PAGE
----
[They fight; Douglas flies. [Throws it at him, and exit

. Cheerly, my lord ; How fares your grace ? Fal. Well, if Percy be alive, I'll pierce him. If Sir Nicholas Gawsey hath for succour sent, he do come in my way, so : if he do not, if I come And so hath Clifton ; I'll to Clifton straight. in his willingly, let him make a carbonado of me. K. Hen. Stay, and breathe a while : I like not such grinning honour as sir Walter hath : Thou hast redeem'd thy lost opinion ; Give me life: which if I can save, so; if not, ho- And show'd, thou mak'st some tender of my life, nour comes unlooked for, and there's an end. In this fair rescue thou hast brought to me.

[Exit. P. Hen. O heaven! they did me too much injury),

That ever said, I hearken'd for your death. SCENE IV. - Another part of the Field. If it were so, I might have let alone Alarums. Ercursions. Enter the King, Prince Which would have been as speedy in your end,

The insulting hand of Douglas over you ; HENRY, PRINCE John, and WesTMORELAND.

As all the poisonous potions in the world, K. Hen. I pr’ythee,

And sav'd the treacherous labour of your son. Harry, withdraw thyself; thou bleed'st too much :- K. Hen. Make up to Clifton, I'll to sir Nicholas Lord John of Lancaster, go you with him.

Gawsey.

[Exit King Hexar P. John. Not I, my lord, unless I did bleed too. P. Hen. I do beseech your majesty, make up,

Enter Hotspur. Lest your retirement do amaze your friends.

Hot. If I mistake not, thou art Harry los K. Hen. I will do so :

mouth. My lord of Westmoreland, lead him to his tent. P. Hen. Thou speak'st as if I would deny maj West. Come, my lord, I will lead you to your

Ho:. My name is Harry Percy. P. Hen. Lead me, my lord ? I do not need your P. Hen.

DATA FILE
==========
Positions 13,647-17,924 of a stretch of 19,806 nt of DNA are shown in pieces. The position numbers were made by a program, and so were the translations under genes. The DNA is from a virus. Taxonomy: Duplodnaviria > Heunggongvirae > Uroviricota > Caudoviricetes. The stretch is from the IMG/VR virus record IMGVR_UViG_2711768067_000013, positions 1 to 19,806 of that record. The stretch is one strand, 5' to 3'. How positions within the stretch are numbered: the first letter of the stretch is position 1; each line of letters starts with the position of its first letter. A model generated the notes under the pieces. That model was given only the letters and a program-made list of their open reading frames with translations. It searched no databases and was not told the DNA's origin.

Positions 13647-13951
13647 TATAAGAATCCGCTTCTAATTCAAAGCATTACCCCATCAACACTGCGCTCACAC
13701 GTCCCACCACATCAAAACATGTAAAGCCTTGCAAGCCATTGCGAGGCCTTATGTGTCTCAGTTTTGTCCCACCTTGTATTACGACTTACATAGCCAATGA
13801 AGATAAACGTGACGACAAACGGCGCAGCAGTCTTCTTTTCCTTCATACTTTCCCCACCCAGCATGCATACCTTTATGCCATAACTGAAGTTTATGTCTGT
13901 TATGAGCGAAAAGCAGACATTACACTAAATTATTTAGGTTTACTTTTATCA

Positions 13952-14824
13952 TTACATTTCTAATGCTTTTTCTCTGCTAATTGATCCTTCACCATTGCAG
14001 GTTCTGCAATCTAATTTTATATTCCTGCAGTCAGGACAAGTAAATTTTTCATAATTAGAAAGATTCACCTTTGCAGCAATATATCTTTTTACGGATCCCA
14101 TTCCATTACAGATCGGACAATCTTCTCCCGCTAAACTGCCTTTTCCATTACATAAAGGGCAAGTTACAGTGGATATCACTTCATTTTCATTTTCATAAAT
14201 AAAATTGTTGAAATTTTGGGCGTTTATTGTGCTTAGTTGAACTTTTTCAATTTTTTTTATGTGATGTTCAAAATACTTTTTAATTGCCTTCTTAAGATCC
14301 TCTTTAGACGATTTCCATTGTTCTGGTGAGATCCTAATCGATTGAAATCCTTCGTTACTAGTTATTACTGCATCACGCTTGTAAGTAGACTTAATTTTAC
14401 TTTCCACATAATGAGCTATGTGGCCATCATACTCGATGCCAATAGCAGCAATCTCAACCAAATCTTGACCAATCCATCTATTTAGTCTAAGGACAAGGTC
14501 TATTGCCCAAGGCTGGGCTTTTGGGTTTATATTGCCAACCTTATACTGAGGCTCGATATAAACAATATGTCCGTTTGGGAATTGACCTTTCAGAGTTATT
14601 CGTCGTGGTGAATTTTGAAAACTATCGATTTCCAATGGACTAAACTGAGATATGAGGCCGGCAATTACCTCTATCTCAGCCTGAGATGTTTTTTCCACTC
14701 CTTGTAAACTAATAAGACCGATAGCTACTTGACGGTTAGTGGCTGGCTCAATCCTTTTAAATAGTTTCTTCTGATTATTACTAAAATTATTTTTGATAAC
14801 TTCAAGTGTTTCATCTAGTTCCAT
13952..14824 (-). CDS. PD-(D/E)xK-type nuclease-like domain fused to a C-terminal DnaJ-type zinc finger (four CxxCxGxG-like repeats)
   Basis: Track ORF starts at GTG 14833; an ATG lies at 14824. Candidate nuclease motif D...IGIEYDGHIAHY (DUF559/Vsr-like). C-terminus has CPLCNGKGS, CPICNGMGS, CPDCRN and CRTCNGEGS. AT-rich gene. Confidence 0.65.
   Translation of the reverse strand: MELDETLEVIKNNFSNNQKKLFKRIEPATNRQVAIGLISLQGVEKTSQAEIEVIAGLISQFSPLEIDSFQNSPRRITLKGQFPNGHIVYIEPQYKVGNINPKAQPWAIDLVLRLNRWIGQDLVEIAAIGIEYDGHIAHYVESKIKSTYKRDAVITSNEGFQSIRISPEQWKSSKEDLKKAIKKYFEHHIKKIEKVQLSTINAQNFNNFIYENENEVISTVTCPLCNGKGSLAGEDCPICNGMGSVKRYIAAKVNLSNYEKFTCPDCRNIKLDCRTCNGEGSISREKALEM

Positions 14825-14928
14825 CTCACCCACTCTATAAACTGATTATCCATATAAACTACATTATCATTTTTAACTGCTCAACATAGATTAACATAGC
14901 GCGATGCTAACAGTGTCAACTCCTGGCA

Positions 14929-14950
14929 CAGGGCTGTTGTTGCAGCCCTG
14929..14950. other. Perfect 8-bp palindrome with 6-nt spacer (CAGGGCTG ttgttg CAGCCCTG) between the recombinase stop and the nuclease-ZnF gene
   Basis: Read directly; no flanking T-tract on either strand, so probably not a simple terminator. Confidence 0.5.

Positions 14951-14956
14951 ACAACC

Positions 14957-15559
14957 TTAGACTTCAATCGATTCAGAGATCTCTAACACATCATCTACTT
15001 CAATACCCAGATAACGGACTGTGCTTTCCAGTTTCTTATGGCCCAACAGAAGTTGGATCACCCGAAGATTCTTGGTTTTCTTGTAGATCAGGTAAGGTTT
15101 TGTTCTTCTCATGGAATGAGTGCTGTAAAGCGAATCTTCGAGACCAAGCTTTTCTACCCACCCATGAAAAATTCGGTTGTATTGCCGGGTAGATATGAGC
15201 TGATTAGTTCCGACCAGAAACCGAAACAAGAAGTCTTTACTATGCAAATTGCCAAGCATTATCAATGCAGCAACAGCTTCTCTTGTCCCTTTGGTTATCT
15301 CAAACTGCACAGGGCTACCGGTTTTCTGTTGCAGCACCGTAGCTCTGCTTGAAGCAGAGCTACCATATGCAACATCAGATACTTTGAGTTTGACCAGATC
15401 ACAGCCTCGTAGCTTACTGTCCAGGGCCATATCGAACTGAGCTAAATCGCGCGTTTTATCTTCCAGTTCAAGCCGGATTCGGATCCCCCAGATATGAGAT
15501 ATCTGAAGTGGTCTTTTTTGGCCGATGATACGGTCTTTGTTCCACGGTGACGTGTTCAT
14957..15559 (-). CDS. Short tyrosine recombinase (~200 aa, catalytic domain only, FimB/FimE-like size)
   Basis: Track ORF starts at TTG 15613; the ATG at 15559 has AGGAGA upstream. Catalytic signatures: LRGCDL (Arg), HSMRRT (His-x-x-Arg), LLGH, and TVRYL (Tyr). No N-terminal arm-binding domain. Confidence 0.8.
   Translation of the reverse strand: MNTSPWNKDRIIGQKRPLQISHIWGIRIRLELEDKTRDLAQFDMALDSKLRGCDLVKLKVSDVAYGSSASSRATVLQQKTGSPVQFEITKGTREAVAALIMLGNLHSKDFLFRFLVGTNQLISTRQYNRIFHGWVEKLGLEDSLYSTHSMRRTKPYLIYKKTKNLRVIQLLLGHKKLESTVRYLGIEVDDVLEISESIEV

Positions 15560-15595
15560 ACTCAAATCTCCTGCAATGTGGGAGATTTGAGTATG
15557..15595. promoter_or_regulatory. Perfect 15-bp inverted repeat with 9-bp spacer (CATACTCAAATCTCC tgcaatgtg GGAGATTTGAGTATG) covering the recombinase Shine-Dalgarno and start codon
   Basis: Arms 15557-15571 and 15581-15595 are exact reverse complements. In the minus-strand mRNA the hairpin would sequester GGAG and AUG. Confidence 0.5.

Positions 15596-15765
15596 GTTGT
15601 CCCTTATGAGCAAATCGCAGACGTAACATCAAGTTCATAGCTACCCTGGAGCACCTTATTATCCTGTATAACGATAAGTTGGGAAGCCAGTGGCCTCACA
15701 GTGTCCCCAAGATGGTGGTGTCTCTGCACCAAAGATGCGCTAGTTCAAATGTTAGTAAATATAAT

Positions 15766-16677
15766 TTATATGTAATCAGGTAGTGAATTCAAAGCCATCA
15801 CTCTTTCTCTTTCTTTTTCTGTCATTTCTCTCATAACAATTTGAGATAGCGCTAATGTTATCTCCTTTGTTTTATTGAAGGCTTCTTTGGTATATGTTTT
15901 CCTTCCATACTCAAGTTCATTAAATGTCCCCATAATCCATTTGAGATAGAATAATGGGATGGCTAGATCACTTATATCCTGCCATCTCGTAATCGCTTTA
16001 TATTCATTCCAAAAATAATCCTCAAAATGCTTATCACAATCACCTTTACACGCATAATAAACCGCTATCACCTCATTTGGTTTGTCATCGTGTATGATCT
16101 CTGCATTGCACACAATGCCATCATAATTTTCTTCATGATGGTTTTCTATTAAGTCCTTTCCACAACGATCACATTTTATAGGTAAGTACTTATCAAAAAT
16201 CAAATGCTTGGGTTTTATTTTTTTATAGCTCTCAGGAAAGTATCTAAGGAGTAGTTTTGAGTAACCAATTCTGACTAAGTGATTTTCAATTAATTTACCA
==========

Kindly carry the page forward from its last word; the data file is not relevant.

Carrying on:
Why, then I help:

A very valiant rebel of the name. And heaven forbid, a shallow scratch should drive I am the prince of Wales; and think net, Perey,

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And food for

To share with me in glory any more :

gunpowder Percy, though he be dead : How, if he Two stars keep not their motion in one sphere ; should counterfeit too, and rise ? I am afraid, he Nor can one England brook a double reign, would prove the better counterfeit. Therefore I'll Of Harry Percy, and the prince of Wales.

make him sure: yea, and I'll swear I killed him. Hol. Nor shall it, Harry, for the hour is come Why may not he rise, as well as I ? Nothing conTo end the one of us; And 'would to God, futes me but eyes, and nobody sees me. Therefore, Thy name in arms were now as great as mine! sirrah, (stabbing him.] with a new wound in your

P. Hen. I'll make it greater, ere I part from thee; thigh, come you along with me.
And all the budding honours on thy crest

[Takes Hotspur on his back. I'll crop, to make a garland for my head.

Re-enter PRINCE HENRY and Prince John. Hd. I can no longer brook thy vanities.

[They fight. P. Hen. Come, brother John, full bravely hast

thou Aesh'd Enter FalsTAFF.

Thy maiden sword. Fol

. Well said, Hal! to it, Hal! - Nay, you P. John. But, soft! whom have we here? shall find no boy's play here, I can tell you. Did you not tell me this fat man was dead ? Enter Douglas; he fights with Falstaff, who falls

P. Hen. I did ; I saw him dead, breathless and deren as if he were dead, and exit Douglas. Upon the ground.

bleeding Horspur is wounded, and falls.

Art thou alive? or is it phantasy Hot. 0, Harry, thou hast robb'd me of my That plays upon our eyesight? I pr’ythec, speak ;, youth:

We will not trust our eyes, without our ears : I better brook the loss of brittle life,

Thou art not what thou seem'st. Than those proud titles thou hast won of me;

Fal. No, that's certain ; I am not a double man: They wound my thoughts, worse than thy sword but if I be not Jack Falstaff, then am I a Jack. my flesh :